Longevity medicine is an area of medicine that leads with a uniquely proactive and preventative approach that deviates from conventional healthcare which is reactive. Improving lifespan has always been at the forefront of medical care, however, in very recent years innovative, forward-thinking practitioners, scientists and researchers have started to shift their focus to the improvement of healthspan as well as lifespan.

The correlation between age and health is clear. As we age our cells can become sluggish, biological processes take longer, and essentially, we become more susceptible to things just not being as they once were. Fundamentally, we feel less able to do the things we used to do even just a handful of years ago. In contrast to these undesirable physiological changes, our later years also provide us with certain benefits that only time can provide. We will have a greater knowledge and awareness of ourselves, and are often at the peak of our careers or perhaps considering slowing down doing more of the things we enjoy. Many of us have secured a level of financial stability which gives us choices we never had before. We get a second lease of life and many of us choose to use this time to do things that bring us joy. We have the knowledge that we will most likely live substantially longer than our ancestors, but how we will spend this extra time that we have been given is in our hands.

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When should we be considering our longevity?

As a society it appears we are beginning to recognise the increased lifespan we have been given. Professor Andrew Scott pointed out that many people are staying in education for longer, women are having children later, marriage is often happening a lot later, and people are working into later life. Another excellent point raised by Professor Andrew Scott is that life is currently divided into three main stages; education, our working life, and retirement, however, this structure is becoming increasingly outdated. It is arguably limiting us perceptually, which could subsequently be limiting our life’s full potential.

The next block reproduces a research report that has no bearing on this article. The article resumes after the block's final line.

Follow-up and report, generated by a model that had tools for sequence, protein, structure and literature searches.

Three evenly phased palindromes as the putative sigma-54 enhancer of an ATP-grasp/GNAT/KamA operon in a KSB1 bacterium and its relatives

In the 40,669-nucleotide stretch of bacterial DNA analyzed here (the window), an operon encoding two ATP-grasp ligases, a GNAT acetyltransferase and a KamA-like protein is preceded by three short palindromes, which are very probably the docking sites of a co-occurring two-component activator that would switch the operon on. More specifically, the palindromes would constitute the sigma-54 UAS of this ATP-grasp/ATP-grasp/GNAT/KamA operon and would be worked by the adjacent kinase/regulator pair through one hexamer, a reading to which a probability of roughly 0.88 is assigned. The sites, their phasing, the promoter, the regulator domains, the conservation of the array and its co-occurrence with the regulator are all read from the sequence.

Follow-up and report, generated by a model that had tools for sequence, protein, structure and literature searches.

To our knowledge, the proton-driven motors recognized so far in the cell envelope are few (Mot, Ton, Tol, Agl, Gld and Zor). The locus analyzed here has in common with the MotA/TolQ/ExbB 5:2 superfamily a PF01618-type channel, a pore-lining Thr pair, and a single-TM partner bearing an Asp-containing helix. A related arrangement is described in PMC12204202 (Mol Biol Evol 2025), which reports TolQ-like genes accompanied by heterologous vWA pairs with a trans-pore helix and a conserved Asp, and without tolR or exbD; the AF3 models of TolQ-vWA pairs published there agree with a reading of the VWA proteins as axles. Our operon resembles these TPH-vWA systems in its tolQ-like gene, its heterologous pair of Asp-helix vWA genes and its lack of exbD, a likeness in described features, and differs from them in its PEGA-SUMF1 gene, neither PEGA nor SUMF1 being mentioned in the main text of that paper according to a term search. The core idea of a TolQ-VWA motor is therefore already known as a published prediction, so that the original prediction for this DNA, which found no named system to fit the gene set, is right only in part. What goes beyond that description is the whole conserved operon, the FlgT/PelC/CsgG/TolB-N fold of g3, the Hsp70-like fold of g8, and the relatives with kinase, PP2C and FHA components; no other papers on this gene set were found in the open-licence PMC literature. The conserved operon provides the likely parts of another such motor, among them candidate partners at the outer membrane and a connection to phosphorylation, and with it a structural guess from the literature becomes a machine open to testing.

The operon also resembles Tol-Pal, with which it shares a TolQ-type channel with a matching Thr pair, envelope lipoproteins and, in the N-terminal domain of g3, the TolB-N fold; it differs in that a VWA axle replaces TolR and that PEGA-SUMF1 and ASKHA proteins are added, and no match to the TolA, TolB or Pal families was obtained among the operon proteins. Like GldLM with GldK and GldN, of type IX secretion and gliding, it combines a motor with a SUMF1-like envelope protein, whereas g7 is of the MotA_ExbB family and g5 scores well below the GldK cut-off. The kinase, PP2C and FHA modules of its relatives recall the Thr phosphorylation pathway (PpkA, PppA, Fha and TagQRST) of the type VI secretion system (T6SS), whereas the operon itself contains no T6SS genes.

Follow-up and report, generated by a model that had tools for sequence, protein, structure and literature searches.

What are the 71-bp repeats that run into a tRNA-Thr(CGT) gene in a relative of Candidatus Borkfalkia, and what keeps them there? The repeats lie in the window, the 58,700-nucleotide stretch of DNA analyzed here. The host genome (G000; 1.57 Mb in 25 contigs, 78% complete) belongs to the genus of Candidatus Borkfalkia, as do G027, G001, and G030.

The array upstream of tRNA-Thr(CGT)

The meeting at the House of Lords also raised the discussion on when people should begin to think about our longevity – is it our 20s, 30s, 40s, or even as children? Childhood obesity was also raised by a participant, as approximately 10% of children in the UK are obese (House of Commons Library) – raising the importance of a focus on health at a younger age.

At Harpal Clinic, we think that it’s never too early to begin considering our longevity – it is a decision only you can consider for yourself, after all, you will be the primary beneficiary! Our cellular health (a place where lots of longevity considerations begin) is heavily influenced by our environment (diet, stress, exercise, toxin load, and more) and so we can actually play quite an active part in how our body ages at any time point in our lives. Professor Andrew Scott stated; “health should have first order” – and we couldn’t agree more. Health doesn’t seem as important until you’re unwell, which is often when people begin to wish they had invested in it earlier on. Why not try to implement some longevity strategies to invest in your future self as early as possible?